Second day of PGW hearings include willing partners, environmental opponents

 Philadelphia Gas Works (Nathaniel Hamilton/for NewsWorks)

Philadelphia Gas Works (Nathaniel Hamilton/for NewsWorks)

The second day of hearings before Philadelphia City Council on the city’s energy future included talk of public-private partnerships and environmental stewardship. Meanwhile, Mayor Michael Nutter took his case for selling PGW to a more sympathetic audience.

Representing Liberty Energy Trust, Charlie Ryan said the company is ready to partner with the city to improve the services and operation of Philadelphia Gas Works.

“Being able to make the investments in a way where you increase the amount of demand for gas, increase the efficiency, we felt it could be a virtuous circle with more investment, more jobs,” Ryan said. “And it wasn’t about cutting costs or cutting jobs.”

One of the keys in the proposals to improve PGW is to increase use of gas from the Marcellus Shale. But that’s upsetting environmentalists, including Sam Bernhardt of Food and Water Watch.

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“Conjuring additional demand for shale gas would commit us to the risky proliferation of fracking elsewhere in Pennsylvania, including our watershed, the Delaware River,” Bernhardt said.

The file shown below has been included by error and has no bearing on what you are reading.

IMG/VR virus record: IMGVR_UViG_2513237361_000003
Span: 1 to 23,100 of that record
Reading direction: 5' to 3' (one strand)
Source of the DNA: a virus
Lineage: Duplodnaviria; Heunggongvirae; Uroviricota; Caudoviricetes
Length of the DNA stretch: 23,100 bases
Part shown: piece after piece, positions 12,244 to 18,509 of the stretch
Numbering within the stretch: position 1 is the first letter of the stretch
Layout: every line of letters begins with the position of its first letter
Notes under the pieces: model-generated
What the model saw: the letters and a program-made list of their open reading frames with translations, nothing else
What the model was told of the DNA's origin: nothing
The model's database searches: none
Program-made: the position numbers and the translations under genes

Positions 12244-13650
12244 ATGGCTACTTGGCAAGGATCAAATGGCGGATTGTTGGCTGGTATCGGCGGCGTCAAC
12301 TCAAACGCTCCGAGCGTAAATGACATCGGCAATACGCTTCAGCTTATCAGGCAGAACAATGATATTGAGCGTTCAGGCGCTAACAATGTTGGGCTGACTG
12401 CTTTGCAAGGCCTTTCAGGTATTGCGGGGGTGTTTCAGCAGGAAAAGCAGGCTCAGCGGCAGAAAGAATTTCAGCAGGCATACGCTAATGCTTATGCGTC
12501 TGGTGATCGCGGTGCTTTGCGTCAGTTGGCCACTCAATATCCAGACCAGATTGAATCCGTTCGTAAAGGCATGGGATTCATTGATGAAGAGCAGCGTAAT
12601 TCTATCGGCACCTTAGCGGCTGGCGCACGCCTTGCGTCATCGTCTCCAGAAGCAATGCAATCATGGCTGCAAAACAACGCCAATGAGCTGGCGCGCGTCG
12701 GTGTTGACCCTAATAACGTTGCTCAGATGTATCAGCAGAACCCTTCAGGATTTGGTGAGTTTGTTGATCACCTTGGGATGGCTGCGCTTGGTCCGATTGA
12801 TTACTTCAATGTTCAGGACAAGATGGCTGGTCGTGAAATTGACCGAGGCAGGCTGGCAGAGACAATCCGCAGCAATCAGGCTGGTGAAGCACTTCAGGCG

PGW already gets about 35 percent of its supply from the Marcellus Shale, with the remainder coming from the Gulf Coast. 

Council members continue their opposition to any sale of PGW, a move that Mayor Nutter advocates.

At a separate hearing convened by the Pennsylvania Public Utility Commission, Nutter declared there is no better deal for Philadelphia than the offer made by Connecticut-based UIL Holdings Corp. to buy PGW for $1.86 billion. 

“There are no losers here in this proposal and, yes, it can be made even better,” he said. “But let us move forward.”

The PUC has had regulatory oversight over PGW since 2000, and the commissioners made it clear they want the utility in private hands as much as Nutter does.

Commissioner Jim Cawley says PGW has improved in the last decade, but it’s time for a change:

“We’re now on the verge of that change, and I, for one, don’t want to go back to leaving it in the hands of people that have to be elected,” he said.

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